When the Bay Area Rapid Transport (BART) system was being built in San Francisco in the 1970s, economist Daniel McFadden wanted to see if he could predict the demand for the new train service.
He collected data on the observed travel behaviour of about 700 commuters and, using an economic model, he predicted that about 6 per cent of the commuters would use the new BART system. He and his team then looked at actual uptake and discovered that, within a few decimal places, their predictions were accurate.
So was born the obscure branch of economics known as discrete choice modelling for which McFadden won the Nobel prize, with James Heckman, in 2000. He and others began to apply the method to a number of different areas of public policy – for example, health and social care, the environment and security.
The great strength of discrete choice modelling is that it links choices that people make to the characteristics of the alternatives – as well as the characteristics of the people themselves.
For example, it is Friday evening and you are trying to work out whether to have a Chinese or Indian takeaway. Your choice is made by trading off factors such as the speed and reliability of delivery, with price, and how much you like different dishes and flavours. The same is true when you decide to take a train or a car to see a friend – one may be faster or more expensive, one is private and the other you share with fellow travellers.
You can also ask people to make choices between “hypothetical” goods or services in surveys, which allows you to examine their preferences for new products. By collecting data about people’s real or hypothetical choices you can begin to understand their preferences for different characteristics or “attributes” – such as Indian flavours or privacy in a car.
In a recent study, we applied this methodology to different types of research impact.
From previous research we know that biomedical and health research produces a significant economic return and that the types of impacts are diverse and often unpredictable. In the classical model of biomedical research translation, a finding is patented then commercialised.
However, research can also change professional practice, create jobs, influence education, or lead to other social or economic impacts. What we don’t know is how people value these different types of benefits. Do they prefer that governments invest in research that leads to job creation over research that reduces the cost of healthcare? Do researchers have different preferences compared with the general public? Do different types of researchers have different preferences to one another? And if so, by how much?
Answering these questions matters for two reasons.
First, funders of research are increasingly making decisions on what to fund or not based on the actual or likely impact of the research. For example, in the recent research excellence framework nearly 7,000 case studies were reviewed and rated by researchers and research users resulting in the allocation of about £320 million of research funding per year.
But how were the decisions about ratings made? Were they consistent? Were they fair? Did they reflect what the taxpayer (the funder) actually wants from research?
The second reason is that there is an active debate on whether metrics can be used to reward and allocate research funds based on impact. Such metrics need to be developed from an empirically derived evidence base to be fair and transparent, and at present that evidence does not exist.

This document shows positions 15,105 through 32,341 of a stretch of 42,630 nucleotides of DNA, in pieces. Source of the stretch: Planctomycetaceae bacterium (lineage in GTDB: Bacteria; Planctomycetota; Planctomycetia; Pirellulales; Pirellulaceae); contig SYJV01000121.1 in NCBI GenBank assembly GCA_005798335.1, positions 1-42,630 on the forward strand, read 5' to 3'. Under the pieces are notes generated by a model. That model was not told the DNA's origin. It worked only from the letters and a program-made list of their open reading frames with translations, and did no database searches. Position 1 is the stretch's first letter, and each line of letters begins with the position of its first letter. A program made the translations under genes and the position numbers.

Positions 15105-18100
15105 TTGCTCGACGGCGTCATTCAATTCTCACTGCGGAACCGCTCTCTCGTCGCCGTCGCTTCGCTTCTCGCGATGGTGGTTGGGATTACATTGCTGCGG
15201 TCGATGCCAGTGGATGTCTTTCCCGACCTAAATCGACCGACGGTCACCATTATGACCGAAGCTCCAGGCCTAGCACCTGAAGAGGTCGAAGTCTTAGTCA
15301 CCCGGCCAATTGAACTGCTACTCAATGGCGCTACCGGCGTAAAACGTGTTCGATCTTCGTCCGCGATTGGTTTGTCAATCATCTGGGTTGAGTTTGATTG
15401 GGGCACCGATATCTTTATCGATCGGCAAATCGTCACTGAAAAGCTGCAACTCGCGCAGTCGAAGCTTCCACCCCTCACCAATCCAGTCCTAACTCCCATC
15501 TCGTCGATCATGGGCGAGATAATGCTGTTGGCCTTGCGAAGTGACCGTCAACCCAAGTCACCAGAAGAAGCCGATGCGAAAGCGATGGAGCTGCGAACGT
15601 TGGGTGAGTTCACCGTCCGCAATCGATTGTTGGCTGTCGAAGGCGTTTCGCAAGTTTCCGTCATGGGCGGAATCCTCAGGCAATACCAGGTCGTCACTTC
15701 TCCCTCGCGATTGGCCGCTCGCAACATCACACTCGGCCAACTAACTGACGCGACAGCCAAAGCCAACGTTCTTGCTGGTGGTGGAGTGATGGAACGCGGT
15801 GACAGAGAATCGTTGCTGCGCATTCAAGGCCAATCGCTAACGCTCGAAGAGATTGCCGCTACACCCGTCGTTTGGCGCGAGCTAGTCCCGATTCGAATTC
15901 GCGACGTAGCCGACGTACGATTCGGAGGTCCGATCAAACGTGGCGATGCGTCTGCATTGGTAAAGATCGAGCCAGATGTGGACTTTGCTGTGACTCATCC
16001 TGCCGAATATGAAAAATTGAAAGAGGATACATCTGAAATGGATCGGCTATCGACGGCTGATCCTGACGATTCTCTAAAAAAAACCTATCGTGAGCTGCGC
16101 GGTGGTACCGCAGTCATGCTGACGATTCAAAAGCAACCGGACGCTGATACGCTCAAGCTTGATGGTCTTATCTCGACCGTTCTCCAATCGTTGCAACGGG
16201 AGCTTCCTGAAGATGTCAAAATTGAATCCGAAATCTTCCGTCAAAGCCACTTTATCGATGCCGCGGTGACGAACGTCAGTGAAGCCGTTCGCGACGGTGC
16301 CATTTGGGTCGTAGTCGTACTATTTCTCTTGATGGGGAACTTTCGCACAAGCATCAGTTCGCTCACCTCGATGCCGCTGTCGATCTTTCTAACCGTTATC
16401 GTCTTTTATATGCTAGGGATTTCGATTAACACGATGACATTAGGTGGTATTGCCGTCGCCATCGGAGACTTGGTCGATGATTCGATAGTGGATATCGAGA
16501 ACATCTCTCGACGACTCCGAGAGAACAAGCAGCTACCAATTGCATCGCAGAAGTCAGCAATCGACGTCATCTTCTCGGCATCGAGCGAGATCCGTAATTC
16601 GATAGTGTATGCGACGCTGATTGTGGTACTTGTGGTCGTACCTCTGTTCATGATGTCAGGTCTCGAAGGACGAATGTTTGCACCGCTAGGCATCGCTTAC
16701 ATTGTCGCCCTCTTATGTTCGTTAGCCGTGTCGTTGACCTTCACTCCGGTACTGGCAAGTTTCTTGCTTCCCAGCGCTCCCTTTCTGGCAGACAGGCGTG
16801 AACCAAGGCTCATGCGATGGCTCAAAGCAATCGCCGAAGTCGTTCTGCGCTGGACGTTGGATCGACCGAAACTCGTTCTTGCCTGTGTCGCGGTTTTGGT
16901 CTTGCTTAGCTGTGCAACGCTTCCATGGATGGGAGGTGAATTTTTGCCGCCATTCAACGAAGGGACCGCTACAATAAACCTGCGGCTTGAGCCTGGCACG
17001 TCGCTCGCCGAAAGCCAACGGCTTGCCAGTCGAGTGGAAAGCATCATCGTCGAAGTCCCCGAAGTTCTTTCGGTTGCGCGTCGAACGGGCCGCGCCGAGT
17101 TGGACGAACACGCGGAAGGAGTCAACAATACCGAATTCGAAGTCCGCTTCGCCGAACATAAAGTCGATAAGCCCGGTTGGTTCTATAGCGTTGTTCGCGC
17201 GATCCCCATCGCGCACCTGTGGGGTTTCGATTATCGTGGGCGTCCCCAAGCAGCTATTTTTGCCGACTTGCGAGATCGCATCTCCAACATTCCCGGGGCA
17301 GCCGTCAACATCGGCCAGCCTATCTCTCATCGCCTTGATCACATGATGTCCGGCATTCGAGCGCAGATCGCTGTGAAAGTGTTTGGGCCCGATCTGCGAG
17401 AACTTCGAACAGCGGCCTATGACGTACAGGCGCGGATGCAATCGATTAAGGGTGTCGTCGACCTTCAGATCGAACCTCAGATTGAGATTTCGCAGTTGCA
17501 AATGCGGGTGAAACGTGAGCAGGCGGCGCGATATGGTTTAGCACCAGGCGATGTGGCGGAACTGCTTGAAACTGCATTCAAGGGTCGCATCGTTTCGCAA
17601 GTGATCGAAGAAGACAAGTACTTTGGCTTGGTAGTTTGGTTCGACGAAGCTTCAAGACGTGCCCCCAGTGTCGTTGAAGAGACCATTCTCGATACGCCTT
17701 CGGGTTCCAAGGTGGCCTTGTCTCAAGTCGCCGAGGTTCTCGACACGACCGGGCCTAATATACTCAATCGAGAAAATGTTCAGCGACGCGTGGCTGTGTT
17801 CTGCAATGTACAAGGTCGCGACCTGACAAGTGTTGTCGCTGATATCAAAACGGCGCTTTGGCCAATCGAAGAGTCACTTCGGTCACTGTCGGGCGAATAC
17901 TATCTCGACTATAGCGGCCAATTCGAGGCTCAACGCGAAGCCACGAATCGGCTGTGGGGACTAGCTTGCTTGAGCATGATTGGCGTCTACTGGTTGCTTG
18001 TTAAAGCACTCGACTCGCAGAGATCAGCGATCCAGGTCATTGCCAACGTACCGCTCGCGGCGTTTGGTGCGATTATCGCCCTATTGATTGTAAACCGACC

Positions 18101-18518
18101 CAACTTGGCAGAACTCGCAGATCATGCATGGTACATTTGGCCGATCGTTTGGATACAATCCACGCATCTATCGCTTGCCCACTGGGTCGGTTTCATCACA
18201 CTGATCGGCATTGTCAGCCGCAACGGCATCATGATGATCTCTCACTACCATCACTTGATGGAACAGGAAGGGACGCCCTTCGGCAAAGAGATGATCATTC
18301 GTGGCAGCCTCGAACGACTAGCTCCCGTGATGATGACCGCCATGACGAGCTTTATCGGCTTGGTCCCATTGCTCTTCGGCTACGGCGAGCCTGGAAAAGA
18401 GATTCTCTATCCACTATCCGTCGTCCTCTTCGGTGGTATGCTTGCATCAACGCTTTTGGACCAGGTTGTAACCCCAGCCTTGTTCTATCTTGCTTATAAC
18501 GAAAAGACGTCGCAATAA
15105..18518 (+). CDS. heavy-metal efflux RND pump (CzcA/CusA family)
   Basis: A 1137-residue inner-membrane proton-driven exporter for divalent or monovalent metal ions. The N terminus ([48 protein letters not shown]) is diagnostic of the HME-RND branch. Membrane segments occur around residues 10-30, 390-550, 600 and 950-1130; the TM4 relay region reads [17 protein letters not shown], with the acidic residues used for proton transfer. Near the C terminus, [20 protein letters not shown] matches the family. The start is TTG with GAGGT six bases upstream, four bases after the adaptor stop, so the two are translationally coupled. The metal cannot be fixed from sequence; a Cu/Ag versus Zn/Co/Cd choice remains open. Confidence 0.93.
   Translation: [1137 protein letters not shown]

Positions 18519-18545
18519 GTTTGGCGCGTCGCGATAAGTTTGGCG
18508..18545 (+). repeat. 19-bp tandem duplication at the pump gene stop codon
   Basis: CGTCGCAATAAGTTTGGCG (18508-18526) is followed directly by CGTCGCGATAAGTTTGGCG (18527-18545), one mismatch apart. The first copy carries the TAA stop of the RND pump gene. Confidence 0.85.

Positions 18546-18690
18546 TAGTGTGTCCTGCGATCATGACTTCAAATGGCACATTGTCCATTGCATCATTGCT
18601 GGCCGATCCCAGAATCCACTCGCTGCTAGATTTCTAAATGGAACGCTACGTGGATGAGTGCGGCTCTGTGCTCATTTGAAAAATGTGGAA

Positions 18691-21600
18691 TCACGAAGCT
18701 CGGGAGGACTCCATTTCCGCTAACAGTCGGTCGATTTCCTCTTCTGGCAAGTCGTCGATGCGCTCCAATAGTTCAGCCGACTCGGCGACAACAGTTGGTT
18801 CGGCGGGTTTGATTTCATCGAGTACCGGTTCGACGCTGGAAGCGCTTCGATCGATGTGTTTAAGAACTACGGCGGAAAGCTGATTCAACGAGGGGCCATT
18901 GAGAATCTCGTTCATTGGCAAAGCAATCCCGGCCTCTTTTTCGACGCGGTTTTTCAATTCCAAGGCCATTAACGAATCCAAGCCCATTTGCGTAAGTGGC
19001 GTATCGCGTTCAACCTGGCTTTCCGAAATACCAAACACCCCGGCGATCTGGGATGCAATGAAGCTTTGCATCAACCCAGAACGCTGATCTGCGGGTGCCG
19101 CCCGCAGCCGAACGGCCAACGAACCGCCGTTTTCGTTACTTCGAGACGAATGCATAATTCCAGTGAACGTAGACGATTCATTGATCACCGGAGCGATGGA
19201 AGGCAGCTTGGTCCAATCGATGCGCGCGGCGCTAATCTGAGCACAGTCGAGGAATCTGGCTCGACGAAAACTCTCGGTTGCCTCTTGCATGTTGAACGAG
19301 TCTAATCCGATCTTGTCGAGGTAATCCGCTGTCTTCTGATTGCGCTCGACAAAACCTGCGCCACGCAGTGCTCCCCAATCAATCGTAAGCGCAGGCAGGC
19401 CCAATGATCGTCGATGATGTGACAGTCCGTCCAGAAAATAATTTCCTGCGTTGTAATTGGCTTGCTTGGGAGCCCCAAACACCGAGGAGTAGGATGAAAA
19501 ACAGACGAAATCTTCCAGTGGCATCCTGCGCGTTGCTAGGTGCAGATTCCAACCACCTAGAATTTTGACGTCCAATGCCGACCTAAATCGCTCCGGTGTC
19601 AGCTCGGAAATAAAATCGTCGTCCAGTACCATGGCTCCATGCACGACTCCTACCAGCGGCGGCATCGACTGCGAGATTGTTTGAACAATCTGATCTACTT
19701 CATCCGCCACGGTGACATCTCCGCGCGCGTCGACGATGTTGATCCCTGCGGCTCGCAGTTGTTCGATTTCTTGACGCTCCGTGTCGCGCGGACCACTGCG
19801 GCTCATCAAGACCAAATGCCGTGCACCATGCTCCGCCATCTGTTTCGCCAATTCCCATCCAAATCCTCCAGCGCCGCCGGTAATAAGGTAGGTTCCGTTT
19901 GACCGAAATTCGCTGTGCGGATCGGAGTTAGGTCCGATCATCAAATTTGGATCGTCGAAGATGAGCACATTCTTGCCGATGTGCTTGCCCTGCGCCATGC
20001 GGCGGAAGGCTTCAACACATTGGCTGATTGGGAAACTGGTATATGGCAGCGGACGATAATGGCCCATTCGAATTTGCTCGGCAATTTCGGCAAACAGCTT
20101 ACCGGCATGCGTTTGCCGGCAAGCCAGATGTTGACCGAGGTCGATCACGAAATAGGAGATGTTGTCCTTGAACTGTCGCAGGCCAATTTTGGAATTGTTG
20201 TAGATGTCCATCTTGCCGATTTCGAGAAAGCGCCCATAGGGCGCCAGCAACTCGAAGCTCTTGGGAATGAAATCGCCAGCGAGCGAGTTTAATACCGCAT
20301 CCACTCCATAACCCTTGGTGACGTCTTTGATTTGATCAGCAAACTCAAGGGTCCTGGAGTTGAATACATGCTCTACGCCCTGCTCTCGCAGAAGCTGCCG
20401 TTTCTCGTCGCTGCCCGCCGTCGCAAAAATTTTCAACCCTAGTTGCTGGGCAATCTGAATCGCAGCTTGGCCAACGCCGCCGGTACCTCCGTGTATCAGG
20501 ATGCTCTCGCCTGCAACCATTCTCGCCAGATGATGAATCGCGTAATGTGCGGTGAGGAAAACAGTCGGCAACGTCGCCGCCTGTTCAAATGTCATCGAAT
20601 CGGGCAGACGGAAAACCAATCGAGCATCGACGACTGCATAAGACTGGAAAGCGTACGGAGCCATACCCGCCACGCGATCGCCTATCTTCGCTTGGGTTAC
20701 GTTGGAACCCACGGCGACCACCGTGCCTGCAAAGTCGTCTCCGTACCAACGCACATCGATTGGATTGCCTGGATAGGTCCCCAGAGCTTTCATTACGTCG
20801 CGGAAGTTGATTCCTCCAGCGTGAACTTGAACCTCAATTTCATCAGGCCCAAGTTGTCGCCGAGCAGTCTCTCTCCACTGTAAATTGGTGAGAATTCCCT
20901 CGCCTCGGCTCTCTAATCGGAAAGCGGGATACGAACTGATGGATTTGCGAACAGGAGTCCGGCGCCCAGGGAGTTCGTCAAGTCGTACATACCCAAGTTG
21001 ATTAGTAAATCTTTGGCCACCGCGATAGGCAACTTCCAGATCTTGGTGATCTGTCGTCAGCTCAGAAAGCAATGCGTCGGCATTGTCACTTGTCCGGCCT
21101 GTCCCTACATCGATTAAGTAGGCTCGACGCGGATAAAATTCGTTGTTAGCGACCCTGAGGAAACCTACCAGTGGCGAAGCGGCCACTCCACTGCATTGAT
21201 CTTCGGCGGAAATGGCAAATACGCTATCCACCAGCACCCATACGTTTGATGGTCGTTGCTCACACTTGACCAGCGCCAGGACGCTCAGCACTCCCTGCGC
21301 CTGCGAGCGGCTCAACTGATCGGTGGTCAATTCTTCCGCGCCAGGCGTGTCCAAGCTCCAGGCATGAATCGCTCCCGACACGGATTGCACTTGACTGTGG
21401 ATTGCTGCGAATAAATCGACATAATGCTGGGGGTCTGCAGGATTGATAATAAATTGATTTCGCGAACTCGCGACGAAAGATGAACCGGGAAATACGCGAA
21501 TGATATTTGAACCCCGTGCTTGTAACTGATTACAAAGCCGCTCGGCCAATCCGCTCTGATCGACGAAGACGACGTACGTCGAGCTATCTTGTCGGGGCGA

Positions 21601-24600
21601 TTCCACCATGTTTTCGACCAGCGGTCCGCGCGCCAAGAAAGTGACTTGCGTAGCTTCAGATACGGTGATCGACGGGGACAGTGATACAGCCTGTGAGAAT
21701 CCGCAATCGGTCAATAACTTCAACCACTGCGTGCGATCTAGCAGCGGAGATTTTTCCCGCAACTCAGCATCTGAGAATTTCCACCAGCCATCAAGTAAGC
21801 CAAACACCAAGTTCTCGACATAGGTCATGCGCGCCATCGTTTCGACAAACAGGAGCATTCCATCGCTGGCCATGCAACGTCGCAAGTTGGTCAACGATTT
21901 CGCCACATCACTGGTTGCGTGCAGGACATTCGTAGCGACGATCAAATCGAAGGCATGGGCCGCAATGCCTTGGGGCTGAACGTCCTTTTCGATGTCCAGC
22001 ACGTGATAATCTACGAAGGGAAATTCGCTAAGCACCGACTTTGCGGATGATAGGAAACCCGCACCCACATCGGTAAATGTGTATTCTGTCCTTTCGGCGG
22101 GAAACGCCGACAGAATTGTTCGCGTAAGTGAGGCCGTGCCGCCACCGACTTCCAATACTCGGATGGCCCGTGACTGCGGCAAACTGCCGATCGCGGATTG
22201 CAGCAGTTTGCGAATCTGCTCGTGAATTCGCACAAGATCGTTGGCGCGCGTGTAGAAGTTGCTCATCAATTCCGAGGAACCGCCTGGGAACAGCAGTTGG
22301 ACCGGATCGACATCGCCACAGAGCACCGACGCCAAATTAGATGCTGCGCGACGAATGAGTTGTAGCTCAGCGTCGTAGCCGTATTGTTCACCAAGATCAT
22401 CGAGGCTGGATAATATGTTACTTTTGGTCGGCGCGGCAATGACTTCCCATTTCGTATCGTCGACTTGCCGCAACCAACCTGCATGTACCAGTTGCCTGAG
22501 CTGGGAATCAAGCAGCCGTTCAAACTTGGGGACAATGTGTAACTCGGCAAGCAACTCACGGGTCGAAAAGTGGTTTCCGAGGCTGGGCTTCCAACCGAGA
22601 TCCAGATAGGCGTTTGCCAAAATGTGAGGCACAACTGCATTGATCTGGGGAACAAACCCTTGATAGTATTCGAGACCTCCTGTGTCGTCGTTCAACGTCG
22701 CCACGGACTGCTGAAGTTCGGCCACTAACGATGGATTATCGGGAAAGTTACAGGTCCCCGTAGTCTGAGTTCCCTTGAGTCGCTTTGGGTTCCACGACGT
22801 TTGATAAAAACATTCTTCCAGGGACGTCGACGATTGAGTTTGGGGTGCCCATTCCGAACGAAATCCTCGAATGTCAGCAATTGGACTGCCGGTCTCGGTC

In a recently published study, we and colleagues have taken a small second step to address this issue (a second step because a similar study was undertaken in Canada by Fiona Miller and colleagues in 2013). We asked a representative population of the general public, as well as current and existing Medical Research Council grant-holders to choose between different types of research impact (e.g. research leading to better care being provided at the same cost, helping to create new jobs across the UK or increasing life expectancy).
We used a preference elicitation technique, known as best-worst scaling, where we listed these impacts (and others) in randomly allocated batches of eight and asked the respondent to choose their most favoured and least favoured. We then knocked out these choices and asked them to choose their second favourite and second least favourite.
This task was repeated a number of times by each respondent. We then applied a similar modelling technique to that used by Daniel McFadden to see what type of research impact people preferred.
Not surprisingly, our findings showed that the general public and researchers value different types of research impacts in different ways. For example, private sector investment is valued more by the general public than researchers, and researchers prefer the training of future academics over the training of future medical professionals, in contrast to the general public.
Perhaps more importantly, we have demonstrated that it was possible to apply a technique developed for the San Francisco Bay Area Transport System to assess research impact. A technique that has been used to estimate the value of time (used in transport economics) and quality of life (used in health economics), could be applicable for developing a ”value of impact”.
This is a small step, but if validated, improved and developed it may be possible to have a metric that captures different stakeholder valuations of research that could be used for both assessment and allocation purposes.
It may be a crazy idea, but actually it’s no crazier than thinking that you could predict demand for a local transport system based on an economic model. And look at the impact that research has had.
Jonathan Grant is director of the Policy Institute at King’s College, London, and Alexandra Pollitt is a research fellow at the same institution.